He was fighting himself – and none of his coaches were stopping him. Worse, some may have even contributed to the problem.

It frustrated him, angered him, but most of all it made him curious.

Frustrated by what had happened and the quality of the rehabilitation he was undergoing, John began to search relentlessly for answers.

Smart, determined and very focused, he has studied, consulted and interned with the best in the business, including strength trainers, physical therapists, chiropractors and doctors, including some of the PN staff.

I had to find out. Of course, I put a lot of pressure on myself. Moderation is not my strong suit.

But how can I train better and safer in the future? How can I help others do the same?

At that point, John was determined to find solutions – not just for himself, but for others like him.

The more he learned, the more he wanted to learn – and the more he felt the desire to share his knowledge.

Coaching was a natural career choice for him.

After graduating from the University of Northern Colorado with a degree in exercise science, he soon went to work at a corporate fitness center.

But he was frustrated by his lack of creative control. John, who was bent on success from the start, had to use his mind and ambition to build something from the ground up.

If I’m gonna do it, I wanna do it right. I really want to help people, he recalls.

This led him to start his own company (with PN coach Craig Weller), Rogue Performance, which offers fitness and weight loss programs, as well as athletic training specifically for team, mountain and endurance sports.

As opposed to a gym that caters to everyone, Rogue quickly became known as a place where athletes of all ages and levels could find community and support to achieve their goals. Clients appreciate the personal attention and unique, long-term approach to fitness.

From the beginning, nutritional advice has been an important part of Rogue’s offerings.

I can have more impact in less time – for myself and my clients – simply by changing my diet, says John.  The NP certification gave him the tools he needed to help people achieve real results.

Finally, he developed the online programming at Rogue. From there, it seemed obvious that he would join PN, where his skills, experience and knowledge would benefit even more people in need.

Jonathan has developed programs for everyone from stay-at-home moms to elite athletes, teenagers to men and women in their 50s, 60s and beyond.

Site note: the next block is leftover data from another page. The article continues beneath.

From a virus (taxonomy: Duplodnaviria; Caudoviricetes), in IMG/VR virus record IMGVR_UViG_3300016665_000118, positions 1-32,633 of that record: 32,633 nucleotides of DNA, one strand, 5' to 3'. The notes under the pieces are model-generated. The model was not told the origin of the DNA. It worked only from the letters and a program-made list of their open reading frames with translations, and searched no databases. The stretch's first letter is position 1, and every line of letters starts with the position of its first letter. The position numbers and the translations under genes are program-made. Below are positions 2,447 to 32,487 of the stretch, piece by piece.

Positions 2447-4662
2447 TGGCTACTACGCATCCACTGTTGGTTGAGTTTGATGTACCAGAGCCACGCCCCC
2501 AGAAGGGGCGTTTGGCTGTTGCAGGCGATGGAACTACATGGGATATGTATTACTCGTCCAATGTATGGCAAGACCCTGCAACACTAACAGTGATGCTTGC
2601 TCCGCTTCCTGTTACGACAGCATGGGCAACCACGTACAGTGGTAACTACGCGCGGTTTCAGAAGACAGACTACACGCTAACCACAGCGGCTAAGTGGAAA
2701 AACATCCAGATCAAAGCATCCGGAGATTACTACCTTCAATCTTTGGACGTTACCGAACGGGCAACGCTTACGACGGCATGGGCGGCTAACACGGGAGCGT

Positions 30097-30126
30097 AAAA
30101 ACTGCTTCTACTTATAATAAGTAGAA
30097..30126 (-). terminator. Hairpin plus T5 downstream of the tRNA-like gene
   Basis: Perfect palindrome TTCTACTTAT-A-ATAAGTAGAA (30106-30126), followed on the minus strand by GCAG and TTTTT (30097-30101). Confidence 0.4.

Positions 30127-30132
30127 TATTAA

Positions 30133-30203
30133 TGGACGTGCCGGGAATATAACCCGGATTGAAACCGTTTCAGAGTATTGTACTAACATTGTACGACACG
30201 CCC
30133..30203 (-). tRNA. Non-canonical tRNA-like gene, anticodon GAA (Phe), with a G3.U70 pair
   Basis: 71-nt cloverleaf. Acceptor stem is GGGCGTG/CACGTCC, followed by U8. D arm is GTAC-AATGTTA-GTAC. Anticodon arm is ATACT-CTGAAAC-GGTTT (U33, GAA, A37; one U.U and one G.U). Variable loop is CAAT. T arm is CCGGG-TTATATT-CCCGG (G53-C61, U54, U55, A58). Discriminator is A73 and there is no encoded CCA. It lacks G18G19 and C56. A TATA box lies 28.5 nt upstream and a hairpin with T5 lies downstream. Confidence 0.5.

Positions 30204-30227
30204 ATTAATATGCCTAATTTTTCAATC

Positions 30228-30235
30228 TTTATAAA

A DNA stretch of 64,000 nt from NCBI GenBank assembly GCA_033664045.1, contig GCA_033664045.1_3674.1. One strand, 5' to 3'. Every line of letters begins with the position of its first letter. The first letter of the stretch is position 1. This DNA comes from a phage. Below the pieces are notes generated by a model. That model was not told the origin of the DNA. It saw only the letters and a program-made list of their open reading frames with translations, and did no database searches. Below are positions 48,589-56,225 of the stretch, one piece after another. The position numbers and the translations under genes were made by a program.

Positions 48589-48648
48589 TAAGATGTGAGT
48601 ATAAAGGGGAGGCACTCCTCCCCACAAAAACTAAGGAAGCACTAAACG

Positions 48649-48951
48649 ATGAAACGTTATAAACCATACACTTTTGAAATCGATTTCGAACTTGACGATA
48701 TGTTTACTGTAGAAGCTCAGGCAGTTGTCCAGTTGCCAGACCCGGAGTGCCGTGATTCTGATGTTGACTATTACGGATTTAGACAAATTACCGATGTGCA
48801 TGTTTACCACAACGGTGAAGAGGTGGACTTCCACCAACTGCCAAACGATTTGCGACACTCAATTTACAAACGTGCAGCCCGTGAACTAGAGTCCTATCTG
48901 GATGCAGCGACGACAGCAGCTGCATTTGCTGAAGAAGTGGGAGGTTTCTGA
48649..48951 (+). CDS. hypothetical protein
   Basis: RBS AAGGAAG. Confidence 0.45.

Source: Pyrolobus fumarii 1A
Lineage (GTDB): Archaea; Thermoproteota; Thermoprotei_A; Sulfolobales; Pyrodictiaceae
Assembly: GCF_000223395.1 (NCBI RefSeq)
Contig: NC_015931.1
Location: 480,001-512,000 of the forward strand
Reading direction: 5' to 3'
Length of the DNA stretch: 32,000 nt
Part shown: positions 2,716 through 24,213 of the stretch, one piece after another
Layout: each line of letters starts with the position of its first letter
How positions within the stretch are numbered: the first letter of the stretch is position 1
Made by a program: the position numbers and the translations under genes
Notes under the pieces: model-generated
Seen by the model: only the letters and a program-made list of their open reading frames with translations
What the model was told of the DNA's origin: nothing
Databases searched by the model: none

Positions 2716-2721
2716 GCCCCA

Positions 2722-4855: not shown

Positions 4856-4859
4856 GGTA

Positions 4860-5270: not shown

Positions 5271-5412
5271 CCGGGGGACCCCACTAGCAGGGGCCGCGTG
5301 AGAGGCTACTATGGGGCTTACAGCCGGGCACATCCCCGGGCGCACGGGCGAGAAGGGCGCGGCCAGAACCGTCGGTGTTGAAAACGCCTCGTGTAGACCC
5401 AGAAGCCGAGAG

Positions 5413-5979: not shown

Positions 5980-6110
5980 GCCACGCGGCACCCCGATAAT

He enjoys helping different clients with different goals.

It’s great when people start to change. Not just their bodies, but their insides, he says.

You’re gaining confidence. They have moved on with their lives outside the gym. It is amazing to see clients blossom when they are challenged in the right way and given support and encouragement.

High but realistic expectations are the key to success. By pushing your limits and doing difficult tasks in the gym, you’re preparing yourself to do the same outside the gym, he notes.

There is always room for improvement and development.

Jonathan lives in Denver where he continues to snowboard, mountain bike, climb and do other outdoor activities.

These days, the sports I choose don’t match my natural physical attributes, he notes. Therefore, training the mind has become more important than ever.

Not that more than that was ever a problem. My free time is probably the most intense game most people play, he laughs.

But these days John is aware of what can happen if you push too hard, too long, too relentlessly, and he strives to balance intensity – to train both smart and hard. Traveling and spending time with his long-time girlfriend complement his professional and athletic schedule.

And no matter what, Jonathan will never ask a client to do anything they don’t want to try themselves.

At the end of the day, it’s about a solid education. Train with a plan and a goal. And a training adapted to the individual and his goals.

Training doesn’t have to be an endless cycle of hard work and bitter disappointment, Jonathan says.

On the contrary, the training should be as fascinating as it is useful.

Like Jonathan Pope himself.